Frankenstein: Or the New Prometheus (Paperback)
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Mary Shelley's story of the Frankenstein creature came from Byron's insistence that he and his guests entertain themselves on a rainy day on Lake Geneva with ghost stories. Mary's was by far the most original, and was very popular for its theme of reaching beyond, and possible consequences of such reaching. Her narrative not only documents the scientist but also illuminates the creature's story. The pursuit of the obscured truth may also be found in Edgar Allan Poe's detective stories (www.createspace.com/4185216). As for Mary Shelley, one of her MSS only emerged a hundred years after it was written. Matilda (www.createspace.com/4177083) is a gothic tale of an orphaned girl whose father returns after fifteen years, but then develops a secret malady, which, when Matilda uncovers it, leads to disaster for both.
About the Author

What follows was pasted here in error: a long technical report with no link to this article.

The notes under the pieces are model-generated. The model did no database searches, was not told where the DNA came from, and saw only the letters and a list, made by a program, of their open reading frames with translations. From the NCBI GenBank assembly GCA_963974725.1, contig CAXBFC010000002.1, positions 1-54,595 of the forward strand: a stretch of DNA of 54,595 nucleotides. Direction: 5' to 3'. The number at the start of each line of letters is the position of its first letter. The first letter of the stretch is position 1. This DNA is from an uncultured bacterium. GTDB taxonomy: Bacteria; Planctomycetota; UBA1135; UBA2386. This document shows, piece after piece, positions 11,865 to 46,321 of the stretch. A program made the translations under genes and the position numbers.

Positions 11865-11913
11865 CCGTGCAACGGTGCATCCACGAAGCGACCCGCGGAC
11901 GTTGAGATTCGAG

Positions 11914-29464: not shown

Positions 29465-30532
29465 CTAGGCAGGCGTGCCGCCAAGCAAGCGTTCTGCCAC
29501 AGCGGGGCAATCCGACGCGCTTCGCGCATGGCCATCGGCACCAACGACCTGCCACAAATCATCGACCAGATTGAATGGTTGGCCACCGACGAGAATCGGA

able before she was born. William Godwin, the philosophic radical and Mary Wollstonecraft, author of Vindication of the Rights of Woman had already been living together for a couple of years before MW's pregnancy urged them to marriage, an institution they both professed to despise, on March 29, 1797. Mary was born August 30, and her mother died of birthing complications not long afterward. Godwin was left with the four-year-old Fanny (daughter of Mary Wollstonecraft by an earlier alliance with Gibert Imlay) and the newborn Mary. The brilliant philosopher proved ineffectual as a single parent for Mary's first four years, and after several refusals from other women, he married a neighbor woman, Mary Jane Clairmont, an unintellectual woman with two children of her own-Charles, age 7, and Clara Mary Jane, Mary's own age. Jane later went by the name of Claire Clairmont, and was for a number of years linked with Mary, even traveling abroad with her after her marriage to Percy Shelley. Mary's personal experiences with giving birth were also horrendous, and quite recent in her life. Her own mother died eleven days after an eighteen-hour labor with her, at the age of 38. Mary herself was still a teenager when the Frankenstein story was hatched, just fifteen months after the death of her first baby, a girl, and four months after William, her second child, was born. She later wrote other novels but none with the great impact of her first novel.